Why does my cat lick me? Mystery solved

Par Pawtounes 7 Min de Lecture

Understanding cat language – Why cats lick

First of all, to understand why your feline might lick you, it’s important to understand a little about cat language. Cats, like many other animals, hide a set of communication signals that we, as human beings, must learn to read.

Decoding licking behavior in cats

Licking is an integral part of a cat’s behavioral repertoire. But why would a cat lick its owner? To answer this question, let’s break down the cat’s behavior. Licking is a behavior that can have several meanings in cats. Sometimes this can be a sign of affection. At other times, it can be a way for them to mark their territory. Sometimes it’s even a form of play.

For example, if your cat licks you right after you’ve petted or played with it, it’s probably a sign of affection for you. On the other hand, if they lick you when you come in from outside, it could be a way for them to mark their territory. Basically, your cat could be using licking to “claim” you as his own.

Feline communication: what licking means

Cats don’t have the gift of speech and use physical signals to communicate. Licking is one of these signals. Does a cat lick to make itself understood? The simple answer is yes, a cat licks to make itself understood. This can take many forms, such as needing something, wanting your attention or simply showing affection.

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Although it may seem contradictory, licking can also be a sign of stress or anxiety in cats. If you notice your cat licking you too often, it could be an indicator of stress. They may try to seek comfort or relief.

Licking or grooming: a family connection

Feline tenderness: mutual grooming and licking

Cats have been known to groom each other, a behavior known as mutual grooming. It’s a way for them to strengthen family and social ties. So when a cat licks its owner, it could well be a proof of affection and a way of strengthening its bond.

Another theory is that licking is a form of grooming for cats. Your cat might just be licking you because it loves you and wants to contribute to your hygiene. Yet another theory suggests that licking is a form of olfactory marker. Cats have numerous scent glands on the surface of their skin, so they may lick to “mark” their scent.

Understanding the social aspect of licking in cats

Cats use licking as a means of establishing and maintaining social bonds. For example, they lick each other to express belonging to a group. Licking is also thought to help cats establish a social hierarchy. Generally speaking, the most dominant cats are those that lick the others.

Licking: A show of affection or a quest for salt?

Feline feelings: licking as a sign of affection

As mentioned above, licking can indeed be a way for your cat to express sympathy. It could be their version of a hug or a kiss. This is a grooming behavior that cats already learn as kittens. They groom their mother and siblings, and want to continue in the same way with their owner. By licking you, your cat is simply treating you like a member of its family.

Cat licking: the salt quest theory

Another theory is that cats lick humans because they like the taste of salty sweat on their skin. It’s well known that cats have a dietary requirement for sodium, so this idea may have some merit. However, it’s also important to note that not all cats are attracted by the salty taste. So it’s quite possible that some cats lick humans for taste, while others do it for other reasons.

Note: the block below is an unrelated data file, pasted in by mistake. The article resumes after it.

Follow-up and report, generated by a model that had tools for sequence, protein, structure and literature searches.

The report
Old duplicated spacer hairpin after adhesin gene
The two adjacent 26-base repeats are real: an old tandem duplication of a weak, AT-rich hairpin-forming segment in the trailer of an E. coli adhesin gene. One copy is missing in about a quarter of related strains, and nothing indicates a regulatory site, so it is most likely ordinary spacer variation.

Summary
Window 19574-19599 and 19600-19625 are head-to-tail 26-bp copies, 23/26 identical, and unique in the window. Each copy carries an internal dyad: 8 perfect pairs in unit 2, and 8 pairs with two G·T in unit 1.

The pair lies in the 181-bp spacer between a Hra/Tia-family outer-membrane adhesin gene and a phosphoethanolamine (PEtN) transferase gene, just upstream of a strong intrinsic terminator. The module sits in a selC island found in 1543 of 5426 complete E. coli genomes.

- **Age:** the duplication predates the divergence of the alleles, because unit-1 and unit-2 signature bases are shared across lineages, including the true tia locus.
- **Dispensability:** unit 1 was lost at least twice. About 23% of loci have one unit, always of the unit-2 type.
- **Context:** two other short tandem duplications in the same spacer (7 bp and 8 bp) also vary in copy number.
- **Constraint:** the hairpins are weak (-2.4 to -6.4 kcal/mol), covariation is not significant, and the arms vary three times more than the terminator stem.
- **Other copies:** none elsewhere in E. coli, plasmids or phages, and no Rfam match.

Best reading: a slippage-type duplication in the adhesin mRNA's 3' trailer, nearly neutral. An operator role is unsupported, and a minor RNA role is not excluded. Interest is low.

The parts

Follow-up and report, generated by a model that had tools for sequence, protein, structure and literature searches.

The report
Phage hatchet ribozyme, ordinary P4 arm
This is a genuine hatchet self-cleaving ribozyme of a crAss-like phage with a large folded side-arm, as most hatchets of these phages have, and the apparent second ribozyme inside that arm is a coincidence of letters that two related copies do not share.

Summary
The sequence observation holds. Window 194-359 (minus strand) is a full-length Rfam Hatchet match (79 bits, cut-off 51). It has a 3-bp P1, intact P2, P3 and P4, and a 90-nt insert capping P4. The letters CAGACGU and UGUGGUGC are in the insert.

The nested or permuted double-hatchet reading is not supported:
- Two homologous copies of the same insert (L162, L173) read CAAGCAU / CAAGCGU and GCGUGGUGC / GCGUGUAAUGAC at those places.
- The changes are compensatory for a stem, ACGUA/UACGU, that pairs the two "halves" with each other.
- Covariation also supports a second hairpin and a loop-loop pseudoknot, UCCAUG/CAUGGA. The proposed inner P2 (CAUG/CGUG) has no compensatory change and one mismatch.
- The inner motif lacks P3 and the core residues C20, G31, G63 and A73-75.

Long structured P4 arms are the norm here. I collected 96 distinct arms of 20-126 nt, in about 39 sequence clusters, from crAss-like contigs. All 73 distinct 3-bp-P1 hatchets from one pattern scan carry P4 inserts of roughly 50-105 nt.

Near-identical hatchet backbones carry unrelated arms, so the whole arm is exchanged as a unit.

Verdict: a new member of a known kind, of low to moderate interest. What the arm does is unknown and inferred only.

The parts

Excessive licking: When should you be concerned?

Excessive licking: signs of anxiety in cats

So when does licking become a problem? As a general rule, if you notice your cat licking you frequently or excessively, it may be a sign of stress or anxiety. Cats who are stressed or anxious may lick or groom themselves excessively as a means of relief. In such cases, it is advisable to consult a veterinarian or feline behaviorist for advice.

Compulsive cat licking: cause to consult a vet?

This is particularly the case if licking is accompanied by other unusual behaviors, such as changes in eating or sleeping habits, weight variations, aggression or nervousness. In addition, excessive licking can also be a sign of an underlying health problem that requires veterinary care.

Mystery solved: Why cats lick us

In short, there are many reasons why your cat may be licking you. Licking can be a form of communication, express affection, represent mutual grooming, demonstrate social dominance, or simply be a way of seeking salt. Understanding these reasons will help you better understand your cat’s behavior and respond appropriately.

On the other hand, excessive licking can be a sign of stress, anxiety or an underlying health problem. In such cases, it is advisable to consult a veterinary professional to ensure your cat’s well-being.

Cats are fascinating creatures with their own unique behavior. Understanding why your cat licks you can not only help you understand your pet, but also deepen your relationship with it. So the next time your cat licks you, remember that it’s their way of showing you affection and reinforcing the bond they share with you.

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Par Pawtounes
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